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Published July 1990 | Published
Journal Article Open

The IRAS bright galaxy sample. V. Multibeam photometry of galaxies with L(IR) ⩾ 10^(11) L_☉


Forty-seven galaxies from the IRAS Bright Galaxy Sample with infrared luminosities L_(IR)⩾ 10^(11) L_☉ have been measured at 1.3, 1.65, and 2.2 µm with beam diameters of 17", 33", and 55". These measurements, combined with 5" and 10" observations presented in an earlier paper, provide an opportunity to study the spatial distribution of the near-infrared emission in luminous IRAS galaxies. It is found that the unusually red near-infrared colors known previously for many of these galaxies are confined to the nuclear regions, whereas the outer disk regions have near-infrared colors essentially appropriate for a normal stellar population. Since dust reddening and emission are required to explain the unusual nuclear colors, it follows that the observed effects of dust in these galaxies are also confined primarily to the nuclei. Thus, it is probable that the far-infrared emission, the bulk of the entire luminosity in infrared luminous galaxies, is highly concentrated about the nuclei, and that the physical processes responsible for the unusual properties of infrared luminous galaxies tend to occur within the central regions, with diameters ≾1-3 kpc. The nuclei are found to have considerably higher 2.2 µm luminosities than are found in classical "starburst" nuclei, implying that infrared luminous galaxies are characterized by extremely high radiation densities in their central regions, presumably due to intense star formation activity and/or the presence of a dust-enshrouded quasar. However, the nuclei of the galaxies studied are typically not as luminous at 2.2 µm as classical Seyfert nuclei, which may be partly attributable to extinction from dust at near-infrared wavelengths, particularly for those sources in the sample that have been identified in the literature as having Seyfert nuclei. Finally, the large diameter beam measurements are used to obtain estimates of the total near-infrared emission. It is found that, since most of the infrared luminosity is coming from the nuclei, the global near-infrared properties of infrared luminous galaxies are not good tracers of infrared activity. Also, the contribution from the observed stellar emission to the total observed luminosity is found to be ≾25% for most of the galaxies in the sample, considerably smaller than the value for typical low-luminosity spiral galaxies.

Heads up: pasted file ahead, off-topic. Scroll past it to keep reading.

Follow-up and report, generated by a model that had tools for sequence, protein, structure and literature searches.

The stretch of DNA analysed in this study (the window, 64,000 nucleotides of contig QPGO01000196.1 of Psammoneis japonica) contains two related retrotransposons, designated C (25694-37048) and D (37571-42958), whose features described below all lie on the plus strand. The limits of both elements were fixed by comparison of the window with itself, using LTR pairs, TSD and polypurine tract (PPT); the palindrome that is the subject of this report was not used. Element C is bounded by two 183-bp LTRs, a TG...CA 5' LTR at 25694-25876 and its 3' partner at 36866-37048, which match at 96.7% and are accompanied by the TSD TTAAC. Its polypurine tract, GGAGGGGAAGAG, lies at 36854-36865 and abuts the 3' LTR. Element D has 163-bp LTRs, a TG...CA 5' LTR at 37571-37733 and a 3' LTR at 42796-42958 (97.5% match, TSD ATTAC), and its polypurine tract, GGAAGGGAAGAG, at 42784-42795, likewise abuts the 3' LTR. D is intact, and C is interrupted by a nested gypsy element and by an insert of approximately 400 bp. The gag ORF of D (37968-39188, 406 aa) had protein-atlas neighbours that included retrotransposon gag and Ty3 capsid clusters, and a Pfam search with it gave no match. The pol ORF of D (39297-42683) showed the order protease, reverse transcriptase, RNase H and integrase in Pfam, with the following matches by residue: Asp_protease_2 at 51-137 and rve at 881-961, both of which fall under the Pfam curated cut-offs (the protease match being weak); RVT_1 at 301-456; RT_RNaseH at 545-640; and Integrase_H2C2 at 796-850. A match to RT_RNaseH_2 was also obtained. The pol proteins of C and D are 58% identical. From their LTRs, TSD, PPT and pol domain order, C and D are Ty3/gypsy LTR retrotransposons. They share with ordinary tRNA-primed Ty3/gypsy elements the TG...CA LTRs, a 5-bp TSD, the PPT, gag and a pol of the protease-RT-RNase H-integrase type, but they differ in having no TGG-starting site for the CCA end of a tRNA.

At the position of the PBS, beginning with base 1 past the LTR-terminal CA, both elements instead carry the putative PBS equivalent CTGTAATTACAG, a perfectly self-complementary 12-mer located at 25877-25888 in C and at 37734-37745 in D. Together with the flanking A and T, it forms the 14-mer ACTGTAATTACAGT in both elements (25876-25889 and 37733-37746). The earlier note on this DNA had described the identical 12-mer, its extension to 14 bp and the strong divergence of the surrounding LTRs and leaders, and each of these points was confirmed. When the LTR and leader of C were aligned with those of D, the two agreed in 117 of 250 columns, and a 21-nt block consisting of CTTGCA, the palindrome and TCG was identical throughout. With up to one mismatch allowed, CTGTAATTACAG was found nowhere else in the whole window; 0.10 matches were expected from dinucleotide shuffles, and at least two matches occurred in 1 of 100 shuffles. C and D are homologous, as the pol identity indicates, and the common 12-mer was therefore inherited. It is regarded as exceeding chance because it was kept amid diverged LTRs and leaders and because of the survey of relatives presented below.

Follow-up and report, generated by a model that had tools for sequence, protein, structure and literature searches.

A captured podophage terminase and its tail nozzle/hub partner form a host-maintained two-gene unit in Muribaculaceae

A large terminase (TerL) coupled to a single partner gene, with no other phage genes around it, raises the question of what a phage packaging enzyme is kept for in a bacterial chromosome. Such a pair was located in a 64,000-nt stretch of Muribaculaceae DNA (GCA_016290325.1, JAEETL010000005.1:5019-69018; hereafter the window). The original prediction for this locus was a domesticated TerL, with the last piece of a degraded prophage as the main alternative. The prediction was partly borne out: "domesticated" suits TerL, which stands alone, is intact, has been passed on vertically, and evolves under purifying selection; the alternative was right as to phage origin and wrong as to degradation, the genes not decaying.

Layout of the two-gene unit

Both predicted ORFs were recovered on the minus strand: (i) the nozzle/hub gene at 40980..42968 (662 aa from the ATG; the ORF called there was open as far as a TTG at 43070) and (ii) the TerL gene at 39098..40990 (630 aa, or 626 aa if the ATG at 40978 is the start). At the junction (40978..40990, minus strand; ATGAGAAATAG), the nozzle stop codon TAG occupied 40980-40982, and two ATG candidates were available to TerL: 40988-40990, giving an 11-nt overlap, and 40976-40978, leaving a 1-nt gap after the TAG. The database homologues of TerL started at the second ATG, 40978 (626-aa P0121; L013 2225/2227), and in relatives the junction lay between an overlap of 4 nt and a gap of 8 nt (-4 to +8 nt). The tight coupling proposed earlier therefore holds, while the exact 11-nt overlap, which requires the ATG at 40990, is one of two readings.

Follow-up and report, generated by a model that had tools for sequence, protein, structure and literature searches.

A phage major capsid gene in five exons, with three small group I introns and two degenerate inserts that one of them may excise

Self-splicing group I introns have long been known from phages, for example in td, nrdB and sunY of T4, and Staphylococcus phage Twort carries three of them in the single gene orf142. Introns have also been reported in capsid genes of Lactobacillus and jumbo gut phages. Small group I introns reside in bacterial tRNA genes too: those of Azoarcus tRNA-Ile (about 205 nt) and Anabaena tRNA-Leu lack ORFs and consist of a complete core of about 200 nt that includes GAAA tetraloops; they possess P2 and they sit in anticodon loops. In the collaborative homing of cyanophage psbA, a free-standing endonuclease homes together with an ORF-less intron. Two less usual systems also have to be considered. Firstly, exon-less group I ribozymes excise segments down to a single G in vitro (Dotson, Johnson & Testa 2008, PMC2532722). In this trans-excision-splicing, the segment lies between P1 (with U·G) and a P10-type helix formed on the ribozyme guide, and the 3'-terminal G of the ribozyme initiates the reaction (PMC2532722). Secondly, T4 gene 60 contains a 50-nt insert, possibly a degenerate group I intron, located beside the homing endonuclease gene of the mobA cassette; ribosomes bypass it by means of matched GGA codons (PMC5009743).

Additional Information

© 1990 American Astronomical Society. Received 9 January 1990; revised 26 March 1990 Special thanks are given to S. E. Persson for the use of his infrared photometer, and to Dave Tennent, John Henning, and Mike Doyle for their much needed help in getting it all working. Thanks are also given to the night assistants at the Palomar 60 in. telescope, Russ Day, Will McKinley, Jeff Phinney, and Skip Staples, and the entire staff at Palomar Observatory. A number of useful comments and references were provided by the anonymous referee, and we greatly appreciate his/her time and effort in reviewing this work. The Palomar 60 in. telescope is owned jointly by the California Institute of Technology and the Carnegie Institution of Washington. Ground-based astronomy at Caltech is supported by a grant from the National Science Foundation.

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